Another brand that understands this well is Northwell Health, New York's largest health care provider that works with StrawberryFrog. Ramon Soto, the CMO of Northwell, employs the brand to partner with patients rather than simply treat them, and to reframe health and wellness as community projects versus individual quests. While this purpose was conceived in quieter, more predictable times, it has been activated as a powerful movement galvanizing Northwell's role in the pandemic. While providing lifesaving care in the eye of the Covid storm, Northwell has also stepped up to partner with New York State to draft a playbook for unifying disparate health care provider brands for quick deployment of resources and best practices whenever the next pandemic should grace our shores. Hospital execs may not be accustomed to collaborating with rivals in this way, but the collective nature of health care has never been more urgent than it is today, and Northwell has been able to lead with purpose and a steely resolve when it counts. Ask yourself: Where does your purpose lead in this needs-driven moment, and beyond?
Step Four: Find the right register for your purpose reset
To activate successfully, it's worth considering where the best fit lies:
A: Reframing capabilities is a bold and direct approach. GM could not galvanize its internal team to beat Tesla, but it has outdone most other firms with speed to market for ventilators. Absolut, Jameson, and Woody Creek are now making hand sanitizer by the gallon. Apple is designing and producing face shields. Clothing retailers from Hanes to Prada are redirecting production lines to make protective gear like gowns and face masks. Our personal favorite capabilities reset: Fanatics, a Pennsylvania company that
manufactures Nike uniforms for Major League Baseball, is turning that same fabric into surgical masks that sport the distinctive pinstripes of the Yankees and the Phillies, delivering gear with a hidden superpower to health care teams under duress.
If your brand makes something, could it make something related but crisis-worthy? If it provides services, could those be nimbly reframed to serve crisis needs? The goal is to contribute in a meaningful way in the near term, but the unanticipated benefit might be that once you open the aperture on what your brand can do, it may never return to its original size.
B: Reframing operations is an immediate mandate for many businesses whose
staff now have to accomplish remotely what they'd previously done in person. Perhaps no sector has experienced this more dramatically than education, where millions of students and teachers around the world were asked to shift from classrooms on Friday
to online learning by Monday.
Isn't this just a temporary fix for extraordinary circumstances, rather than a true reframing, you may wonder? And for some schools, that may well be the case. But this drastic interruption of business-as-usual has led others to consider the relative merits of
synchronous versus asynchronous learning; of one-on-one meetings versus full-class exercises; of improved access to digital classrooms for disabled instructors and students; of collaborations that flourish online versus those that require live interactions; of flexible teaching formats for professors balancing family life, scholarship, and teaching.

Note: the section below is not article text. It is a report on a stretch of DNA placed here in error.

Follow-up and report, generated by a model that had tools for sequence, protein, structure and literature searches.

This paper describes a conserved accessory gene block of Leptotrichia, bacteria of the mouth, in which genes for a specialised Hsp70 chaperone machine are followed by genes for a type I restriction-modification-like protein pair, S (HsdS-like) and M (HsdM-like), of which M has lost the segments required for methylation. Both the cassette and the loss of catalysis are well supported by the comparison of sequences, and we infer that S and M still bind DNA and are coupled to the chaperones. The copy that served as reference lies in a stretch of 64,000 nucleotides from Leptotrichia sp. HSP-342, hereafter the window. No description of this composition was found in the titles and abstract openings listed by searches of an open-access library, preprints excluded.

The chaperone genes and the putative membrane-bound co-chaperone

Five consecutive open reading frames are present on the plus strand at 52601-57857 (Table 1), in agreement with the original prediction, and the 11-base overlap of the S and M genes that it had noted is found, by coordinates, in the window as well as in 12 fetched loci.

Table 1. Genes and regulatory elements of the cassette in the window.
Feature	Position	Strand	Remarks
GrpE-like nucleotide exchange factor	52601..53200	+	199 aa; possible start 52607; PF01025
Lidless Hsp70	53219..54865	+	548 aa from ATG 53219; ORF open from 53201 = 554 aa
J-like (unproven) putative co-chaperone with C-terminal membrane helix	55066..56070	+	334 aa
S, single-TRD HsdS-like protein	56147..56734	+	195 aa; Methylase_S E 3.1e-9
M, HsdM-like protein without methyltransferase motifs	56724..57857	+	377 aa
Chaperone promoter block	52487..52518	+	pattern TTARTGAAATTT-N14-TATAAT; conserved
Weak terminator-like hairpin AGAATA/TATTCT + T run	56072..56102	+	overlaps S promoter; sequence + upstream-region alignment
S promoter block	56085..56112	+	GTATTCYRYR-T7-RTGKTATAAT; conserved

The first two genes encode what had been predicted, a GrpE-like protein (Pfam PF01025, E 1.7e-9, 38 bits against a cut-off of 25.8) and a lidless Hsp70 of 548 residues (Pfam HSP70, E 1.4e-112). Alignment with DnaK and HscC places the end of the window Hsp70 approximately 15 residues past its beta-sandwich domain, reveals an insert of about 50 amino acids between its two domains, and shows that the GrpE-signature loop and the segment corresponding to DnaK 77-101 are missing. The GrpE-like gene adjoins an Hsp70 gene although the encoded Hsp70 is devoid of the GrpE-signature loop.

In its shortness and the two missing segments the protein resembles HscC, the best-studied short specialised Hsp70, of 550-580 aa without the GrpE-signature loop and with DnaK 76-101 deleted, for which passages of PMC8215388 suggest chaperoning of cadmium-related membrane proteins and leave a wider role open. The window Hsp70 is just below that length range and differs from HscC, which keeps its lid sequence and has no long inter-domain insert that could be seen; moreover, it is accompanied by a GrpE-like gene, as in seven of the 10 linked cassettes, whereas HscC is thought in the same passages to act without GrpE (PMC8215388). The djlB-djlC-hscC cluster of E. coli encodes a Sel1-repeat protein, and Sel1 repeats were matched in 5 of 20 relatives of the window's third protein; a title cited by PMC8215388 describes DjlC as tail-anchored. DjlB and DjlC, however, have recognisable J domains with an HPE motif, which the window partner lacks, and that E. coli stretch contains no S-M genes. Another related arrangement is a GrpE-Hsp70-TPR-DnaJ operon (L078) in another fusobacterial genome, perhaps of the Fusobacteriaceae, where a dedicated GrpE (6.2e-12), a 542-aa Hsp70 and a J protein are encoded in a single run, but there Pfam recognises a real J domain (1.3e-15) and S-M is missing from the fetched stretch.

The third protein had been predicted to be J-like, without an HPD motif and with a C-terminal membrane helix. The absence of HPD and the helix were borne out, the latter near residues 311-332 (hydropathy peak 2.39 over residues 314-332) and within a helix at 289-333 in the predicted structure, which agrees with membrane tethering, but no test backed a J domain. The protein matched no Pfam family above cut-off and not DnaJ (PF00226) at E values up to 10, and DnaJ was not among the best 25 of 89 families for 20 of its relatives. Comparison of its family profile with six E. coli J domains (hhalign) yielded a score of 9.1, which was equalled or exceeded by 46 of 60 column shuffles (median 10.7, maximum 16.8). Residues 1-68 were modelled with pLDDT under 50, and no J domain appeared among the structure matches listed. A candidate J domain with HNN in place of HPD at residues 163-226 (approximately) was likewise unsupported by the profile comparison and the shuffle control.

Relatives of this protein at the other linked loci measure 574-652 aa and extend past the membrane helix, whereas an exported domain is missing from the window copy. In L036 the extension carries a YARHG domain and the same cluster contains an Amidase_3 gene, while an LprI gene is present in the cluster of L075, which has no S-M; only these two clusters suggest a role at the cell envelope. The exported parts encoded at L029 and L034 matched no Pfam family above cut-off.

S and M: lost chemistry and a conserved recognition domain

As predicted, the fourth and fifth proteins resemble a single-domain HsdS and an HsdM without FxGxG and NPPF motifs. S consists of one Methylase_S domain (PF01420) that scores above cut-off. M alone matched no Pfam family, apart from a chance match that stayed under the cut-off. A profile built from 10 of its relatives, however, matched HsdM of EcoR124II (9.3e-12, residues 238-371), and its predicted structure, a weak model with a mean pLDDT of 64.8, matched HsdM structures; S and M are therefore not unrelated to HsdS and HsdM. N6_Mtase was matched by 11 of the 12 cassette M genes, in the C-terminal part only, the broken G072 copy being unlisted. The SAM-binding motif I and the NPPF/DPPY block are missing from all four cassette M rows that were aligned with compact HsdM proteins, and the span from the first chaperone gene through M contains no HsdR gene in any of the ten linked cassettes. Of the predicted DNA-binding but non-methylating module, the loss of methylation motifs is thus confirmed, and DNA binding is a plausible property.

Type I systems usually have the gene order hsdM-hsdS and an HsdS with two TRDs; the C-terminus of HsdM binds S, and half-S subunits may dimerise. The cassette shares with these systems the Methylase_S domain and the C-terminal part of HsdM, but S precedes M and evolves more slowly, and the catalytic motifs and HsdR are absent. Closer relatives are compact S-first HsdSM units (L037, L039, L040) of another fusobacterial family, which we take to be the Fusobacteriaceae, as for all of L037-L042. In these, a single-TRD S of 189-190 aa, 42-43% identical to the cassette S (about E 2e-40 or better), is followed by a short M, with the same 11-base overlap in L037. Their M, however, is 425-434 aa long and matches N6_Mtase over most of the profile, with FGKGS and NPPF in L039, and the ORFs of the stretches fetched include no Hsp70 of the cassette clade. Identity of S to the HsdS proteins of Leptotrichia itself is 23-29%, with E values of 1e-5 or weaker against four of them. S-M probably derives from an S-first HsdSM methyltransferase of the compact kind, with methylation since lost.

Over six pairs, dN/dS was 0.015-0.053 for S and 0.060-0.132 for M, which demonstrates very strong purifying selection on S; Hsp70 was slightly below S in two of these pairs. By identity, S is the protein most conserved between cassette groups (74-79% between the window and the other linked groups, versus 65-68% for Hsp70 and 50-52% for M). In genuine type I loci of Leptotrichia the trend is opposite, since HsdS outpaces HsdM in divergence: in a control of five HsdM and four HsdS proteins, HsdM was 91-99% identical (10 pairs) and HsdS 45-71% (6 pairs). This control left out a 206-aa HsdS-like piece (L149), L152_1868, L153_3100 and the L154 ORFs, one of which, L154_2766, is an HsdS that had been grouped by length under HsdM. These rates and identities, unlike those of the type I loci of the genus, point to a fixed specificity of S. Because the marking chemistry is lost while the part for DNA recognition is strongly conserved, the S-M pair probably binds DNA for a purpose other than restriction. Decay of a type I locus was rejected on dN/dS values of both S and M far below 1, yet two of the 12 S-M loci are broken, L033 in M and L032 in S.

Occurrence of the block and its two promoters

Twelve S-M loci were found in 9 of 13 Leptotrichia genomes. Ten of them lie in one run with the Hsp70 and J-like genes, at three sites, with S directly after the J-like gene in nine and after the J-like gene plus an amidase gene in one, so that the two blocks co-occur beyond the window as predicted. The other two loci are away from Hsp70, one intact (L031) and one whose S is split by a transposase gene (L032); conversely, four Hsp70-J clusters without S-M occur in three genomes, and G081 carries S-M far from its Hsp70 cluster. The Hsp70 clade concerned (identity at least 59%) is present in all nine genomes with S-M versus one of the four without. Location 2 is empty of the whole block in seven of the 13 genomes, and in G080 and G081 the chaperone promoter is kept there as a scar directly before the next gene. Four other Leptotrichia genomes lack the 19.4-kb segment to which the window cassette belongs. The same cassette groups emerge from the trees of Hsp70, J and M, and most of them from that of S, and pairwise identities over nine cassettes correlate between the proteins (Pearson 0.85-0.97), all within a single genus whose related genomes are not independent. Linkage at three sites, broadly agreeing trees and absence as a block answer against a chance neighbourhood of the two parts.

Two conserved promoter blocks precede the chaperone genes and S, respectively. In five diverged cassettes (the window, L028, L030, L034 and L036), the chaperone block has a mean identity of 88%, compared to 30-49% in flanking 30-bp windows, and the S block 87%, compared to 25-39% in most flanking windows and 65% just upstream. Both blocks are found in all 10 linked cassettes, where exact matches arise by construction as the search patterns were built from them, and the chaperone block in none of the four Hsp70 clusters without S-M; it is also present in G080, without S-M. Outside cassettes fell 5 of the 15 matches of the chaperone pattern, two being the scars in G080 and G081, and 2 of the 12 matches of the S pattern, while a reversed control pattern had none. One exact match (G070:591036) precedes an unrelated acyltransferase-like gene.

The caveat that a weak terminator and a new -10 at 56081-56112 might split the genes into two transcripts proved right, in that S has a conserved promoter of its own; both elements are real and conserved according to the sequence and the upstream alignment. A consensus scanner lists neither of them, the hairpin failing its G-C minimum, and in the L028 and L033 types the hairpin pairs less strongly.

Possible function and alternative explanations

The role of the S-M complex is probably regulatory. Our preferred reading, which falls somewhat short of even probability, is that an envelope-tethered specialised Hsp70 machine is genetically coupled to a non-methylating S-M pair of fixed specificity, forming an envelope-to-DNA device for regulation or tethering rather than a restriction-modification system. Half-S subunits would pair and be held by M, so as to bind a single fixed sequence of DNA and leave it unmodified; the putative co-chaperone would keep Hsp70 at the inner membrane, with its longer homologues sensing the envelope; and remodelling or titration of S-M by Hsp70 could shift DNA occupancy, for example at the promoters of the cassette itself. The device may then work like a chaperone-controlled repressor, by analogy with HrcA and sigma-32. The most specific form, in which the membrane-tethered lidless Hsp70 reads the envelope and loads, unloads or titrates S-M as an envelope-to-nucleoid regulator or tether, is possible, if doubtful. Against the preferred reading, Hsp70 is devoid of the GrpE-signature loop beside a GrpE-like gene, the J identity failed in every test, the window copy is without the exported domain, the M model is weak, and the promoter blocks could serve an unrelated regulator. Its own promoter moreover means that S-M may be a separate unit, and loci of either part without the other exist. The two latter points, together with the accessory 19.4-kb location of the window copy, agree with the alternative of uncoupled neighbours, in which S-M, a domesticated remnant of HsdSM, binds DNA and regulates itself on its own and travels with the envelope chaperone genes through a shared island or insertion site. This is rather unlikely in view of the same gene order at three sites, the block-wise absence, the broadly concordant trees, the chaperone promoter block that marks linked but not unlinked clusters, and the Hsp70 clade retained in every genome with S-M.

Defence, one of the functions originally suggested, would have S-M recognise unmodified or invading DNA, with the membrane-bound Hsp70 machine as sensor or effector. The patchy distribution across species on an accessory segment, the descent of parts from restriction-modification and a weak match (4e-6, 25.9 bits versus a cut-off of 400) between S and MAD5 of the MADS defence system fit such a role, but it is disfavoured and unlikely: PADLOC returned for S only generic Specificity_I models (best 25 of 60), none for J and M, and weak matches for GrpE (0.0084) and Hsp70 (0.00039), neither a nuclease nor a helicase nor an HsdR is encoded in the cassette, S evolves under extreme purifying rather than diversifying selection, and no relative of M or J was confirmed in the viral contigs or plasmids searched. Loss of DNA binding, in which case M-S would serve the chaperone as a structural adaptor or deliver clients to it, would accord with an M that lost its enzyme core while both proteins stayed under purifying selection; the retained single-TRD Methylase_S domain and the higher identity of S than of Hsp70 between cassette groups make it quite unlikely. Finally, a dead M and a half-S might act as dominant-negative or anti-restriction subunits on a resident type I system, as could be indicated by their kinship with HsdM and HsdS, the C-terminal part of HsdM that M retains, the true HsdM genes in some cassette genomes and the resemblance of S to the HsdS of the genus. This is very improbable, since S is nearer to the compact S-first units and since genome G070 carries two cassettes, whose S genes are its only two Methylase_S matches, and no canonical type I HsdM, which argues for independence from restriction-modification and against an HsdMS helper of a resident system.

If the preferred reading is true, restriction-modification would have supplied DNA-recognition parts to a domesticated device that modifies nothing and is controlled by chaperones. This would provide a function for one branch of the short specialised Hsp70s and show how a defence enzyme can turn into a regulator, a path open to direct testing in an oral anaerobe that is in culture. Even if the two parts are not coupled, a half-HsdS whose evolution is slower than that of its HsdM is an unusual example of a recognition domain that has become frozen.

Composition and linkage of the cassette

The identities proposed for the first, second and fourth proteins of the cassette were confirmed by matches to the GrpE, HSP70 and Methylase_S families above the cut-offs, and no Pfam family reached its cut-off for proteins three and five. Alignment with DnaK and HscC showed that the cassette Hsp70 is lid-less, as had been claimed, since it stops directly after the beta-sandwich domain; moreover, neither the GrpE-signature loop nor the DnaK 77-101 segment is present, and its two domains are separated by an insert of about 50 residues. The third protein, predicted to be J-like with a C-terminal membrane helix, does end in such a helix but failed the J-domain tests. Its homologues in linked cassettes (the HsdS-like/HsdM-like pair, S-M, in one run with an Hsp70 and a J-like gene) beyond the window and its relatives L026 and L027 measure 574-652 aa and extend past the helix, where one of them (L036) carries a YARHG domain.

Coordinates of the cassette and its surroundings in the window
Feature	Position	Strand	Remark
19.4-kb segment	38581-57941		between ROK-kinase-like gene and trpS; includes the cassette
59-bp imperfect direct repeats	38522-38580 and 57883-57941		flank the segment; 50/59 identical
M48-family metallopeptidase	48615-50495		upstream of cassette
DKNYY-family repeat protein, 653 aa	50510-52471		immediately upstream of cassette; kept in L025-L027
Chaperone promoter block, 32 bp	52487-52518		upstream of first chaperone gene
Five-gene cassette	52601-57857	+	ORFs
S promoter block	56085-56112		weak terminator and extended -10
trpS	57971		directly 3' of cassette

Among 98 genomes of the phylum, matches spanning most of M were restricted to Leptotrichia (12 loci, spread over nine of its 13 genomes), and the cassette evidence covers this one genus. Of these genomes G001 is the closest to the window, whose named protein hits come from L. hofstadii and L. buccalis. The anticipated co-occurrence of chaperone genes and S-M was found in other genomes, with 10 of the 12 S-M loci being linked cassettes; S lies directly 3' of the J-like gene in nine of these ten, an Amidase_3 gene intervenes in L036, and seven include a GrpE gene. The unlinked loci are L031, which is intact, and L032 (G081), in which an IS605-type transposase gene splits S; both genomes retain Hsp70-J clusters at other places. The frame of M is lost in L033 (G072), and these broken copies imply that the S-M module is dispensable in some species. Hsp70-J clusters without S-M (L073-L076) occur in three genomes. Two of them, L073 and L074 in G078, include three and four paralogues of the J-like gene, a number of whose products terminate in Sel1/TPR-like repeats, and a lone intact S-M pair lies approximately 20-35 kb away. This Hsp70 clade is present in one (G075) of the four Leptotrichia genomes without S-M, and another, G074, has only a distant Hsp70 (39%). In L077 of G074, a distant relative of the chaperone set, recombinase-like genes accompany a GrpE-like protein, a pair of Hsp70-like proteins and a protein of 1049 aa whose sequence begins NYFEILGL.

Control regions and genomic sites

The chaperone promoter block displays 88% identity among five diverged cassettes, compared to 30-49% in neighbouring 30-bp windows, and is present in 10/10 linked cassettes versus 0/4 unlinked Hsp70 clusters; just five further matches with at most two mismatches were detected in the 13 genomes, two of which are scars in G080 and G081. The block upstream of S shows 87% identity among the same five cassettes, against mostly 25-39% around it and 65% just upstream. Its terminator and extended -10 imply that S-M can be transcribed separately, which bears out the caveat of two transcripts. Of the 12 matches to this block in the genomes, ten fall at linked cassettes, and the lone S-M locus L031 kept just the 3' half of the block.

If your brand has undergone operational disruptions, it's worth asking if any of these adaptations enables a better expression of your purpose. Might some of them even be expanded to further develop such unforeseen benefits?
C: Reframing relationships is a powerful area to consider, as it touches those closest to your brand: employees, partners, and customers. Tech billionaire and Salesforce CEO Marc Benioff has called on fellow CEOs to take a 90-day "no layoffs" pledge to sustain employees through this crisis. For those joining him in this pledge, treating employees as essential when the going gets tough is likely to transform the relationship those companies have with their staff for years to come.
On the partners front, Wendy's has committed to redeploy $40 million in advertising (originally intended to launch new breakfast items) to support franchisees instead -- extending payment terms for brand royalties, deferring base rent payments, and allowing franchisees an additional year in which to complete required store renovations.
And for customers, opportunities abound for reframing these relationships. One telling case study is the many news and media companies that have pledged to provide their coverage of the pandemic free to the public. It's not hard to imagine how business-as-usual paywall policies gave way to discussions about activating purpose in this extraordinary moment. Who knows how many new readers will develop a connection to those brands that outlasts this disruption?
In conclusion: Turning panic into purpose may be the most important brand leadership opportunity today, and will likely deliver benefits well into the future. Whenever the dust clears on our current woes, the best scenario for brands would be to rejoin a world that has paused to reground itself, and activated its purpose to press on to bolder and richer agendas. Here's to courage and creativity for the journey.
Scott Goodson is founder and CEO of StrawberryFrog, a purpose activation company focused on movement marketing, internal company transformation, and HR employee programs for mental, physical, and financial well-being.
Ali Demos is group strategy director at StrawberryFrog, where she oversees strategy for Northwell Health and delivers consumer insights for Truist Financial.